"I'm going to speak my mind because I have nothing to lose."--S.I. Hayakawa

Tuesday, March 20, 2012

Ann's Writing Prompt

The writing prompt at Ann Linquist's site"

The top shelf in the corner kitchen cabinet, the one that’s hard to reach.
A small, glitter-covered, red and yellow bird
A blank check mistakenly thrown into the trash. 
A step ladder with no third step.

And what happened after the muse chewed on it for a while:

Emma fetched the step ladder from the garage and carried it up the half flight of stairs to the kitchen level.

“That Chester,” she said. “He’s never around when I need him. Wonder where he’s off to now.”

She set the ladder down on the kitchen floor, turned it so the legs would open parallel with the counter, then opened the legs, watching carefully so they didn’t bang the kitchen cabinets.

Once the ladder was in place, Emma walked over to the door that led to the basement and opened it. “Chester?” she yelled. “Chester, are you down there?” Silence floated up the stairs and filled the kitchen, wrapping Emma in its shroud.

“Where is that man? I swear. He can disappear faster than a cat with its tail on fire. Oh, my. Now that’s terrible image. Poor cat. I wonder if that Hendricks boy set the cat’s tail on fire. Bet he did. He’s always getting into some trouble or ‘nother.”

She gave the ladder a shake to test its sturdiness, took a deep breath, and set her foot on the first step. With one hand on the ladder and the other on the kitchen counter, Emma lifted her weight off her other foot and put it on the first step, too. She had to bend a little to keep her hand on the counter when she stepped up to the second step.

The third step was the hardest. There wasn’t one. She had that on Chester’s Honey-Do list. “Replace the missing step on the stepladder.”

If he doesn’t get to it pretty soon, I’m going to buy a new ladder, she thought.

She moved a leg to kneel on the counter and brought her other leg over to do the same. Hanging onto the ladder with one hand and pushing up on the counter with the other, Emma rose to an upright, though precarious, position.

“Yes!’ she exclaimed, “Now where did I put that…. That whatchamacallit. Where are you, little whatzit?

“Em! Hello, Em?” came a voice from outside. Emma leaned down to peek out the kitchen window.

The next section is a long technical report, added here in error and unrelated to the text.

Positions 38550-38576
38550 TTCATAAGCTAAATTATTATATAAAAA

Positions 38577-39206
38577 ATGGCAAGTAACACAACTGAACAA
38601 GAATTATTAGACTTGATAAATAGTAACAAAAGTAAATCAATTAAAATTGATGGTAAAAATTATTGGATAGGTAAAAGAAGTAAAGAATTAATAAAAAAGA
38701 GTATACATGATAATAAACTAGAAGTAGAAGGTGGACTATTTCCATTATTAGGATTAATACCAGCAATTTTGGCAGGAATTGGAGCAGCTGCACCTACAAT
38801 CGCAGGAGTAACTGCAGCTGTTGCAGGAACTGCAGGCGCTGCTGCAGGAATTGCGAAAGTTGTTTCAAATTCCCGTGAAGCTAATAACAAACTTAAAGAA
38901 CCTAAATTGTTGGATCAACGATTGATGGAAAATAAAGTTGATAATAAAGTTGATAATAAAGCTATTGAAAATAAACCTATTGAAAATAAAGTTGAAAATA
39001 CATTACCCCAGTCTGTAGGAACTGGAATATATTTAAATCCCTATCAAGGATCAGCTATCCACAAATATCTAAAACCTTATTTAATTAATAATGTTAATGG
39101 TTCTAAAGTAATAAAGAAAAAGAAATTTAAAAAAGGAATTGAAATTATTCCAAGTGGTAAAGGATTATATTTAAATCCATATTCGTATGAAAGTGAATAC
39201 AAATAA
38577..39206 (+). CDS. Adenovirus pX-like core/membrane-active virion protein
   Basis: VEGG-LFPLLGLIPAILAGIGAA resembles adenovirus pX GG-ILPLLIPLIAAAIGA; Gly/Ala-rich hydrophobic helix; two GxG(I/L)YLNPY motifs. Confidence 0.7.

“Oh, drat. It’s that nosy woman again. Maybe I’ll just hide here beside the window and she’ll go away.”

“Em? Hello, Em… Oh, my God! Em! Don’t move! I’ll be right there. Don’t move, Em!”

“Busted,” muttered Emma. “I should just start locking my doors, ‘cept Chester would be banging on them constantly when he gets back from wherever he goes all the time. Ol’ fool would just forget to take a key.”

Madeline Stover hurried into the kitchen, tossing her bag with the glittery silk-screened red and yellow parrot print onto the kitchen table. “Em, what are you doing? Here, let me help you down.”

“Well, what does it look like I’m doing? I’m getting ready to…to…ummm…change a light bulb, that’s what I’m doing. That ol Chester is never around when I need him to do these things. Beginning to wonder what good he is anyway. Now, don’t be pulling on me like that. You’ll knock me clean off the counter and then what? Maybe break a hip? Have to go live in some old folks home where they sit around and talk about how sick they are. Compare surgery scars and the like. Not me. I’m fit as a fiddle at 67 and I intend to stay that way. Now, I know there’s a light bulb up here somewhere. Maybe in that cabinet above the refrigerator, which is a stupid place to put a cabinet, if you ask me. Nobody I know can reach that cabinet without getting out a ladder and climbing up to it. Stupid place for a cabinet.”

“Em. Please come down. I’ll get the bulb for you. Here, take my hand and come over to the ladder. Now, OH MY GOD! There’s a step missing! How did you..? Oh, never mind. Just sit down and I’ll help you slide off the counter. Come on, now, Em. Em? Come on, please. I’ll have to call the Fire Department otherwise. That means Adult Protective Services will get involved again, and I know you don’t like that.”

“I’m not going anywhere. I am going to check that cabinet for a bug strip.”

“Bug strip? I thought you were after a light bulb?”

“What do I need a light bulb for, missy? No light burned out here. No, sir. Chester keeps after that, you can be sure. And just who are you anyway?”


“Hello, Betty? This is Madeline Stover with Good’s In-Home Care. I think it’s time we set up a care coordination meeting for Emma McFarleigh. I came over today for my daily visit and she was up on the kitchen countertop looking for something. I had to call the fire department to get her down. What’s that? No, she’s 93 but still thinks she 67. And she continues to believe her late husband is alive. He died 15 years ago.

“Yes, the Aricept helped for a while, but she’s experiencing a swift decline. It's getting dangerous for her to live alone now. She has matches and lighters all over the house. Plus, she’s been signing blank checks and leaving them everywhere. I found one in the kitchen trash can, several in the mail box at the curb, a few in the garage, and two more sticking out from under a potted plant on the front porch. Oh, and another in the bird feeder.

“Okay, tomorrow at 2. I’ll see you there. I’ve called for a sitter from Good’s In-Home to stay with her tonight. Fine. Okay, tomorrow, then.”

1 comment:

  1. Jeannie, now that's a story. I loved it.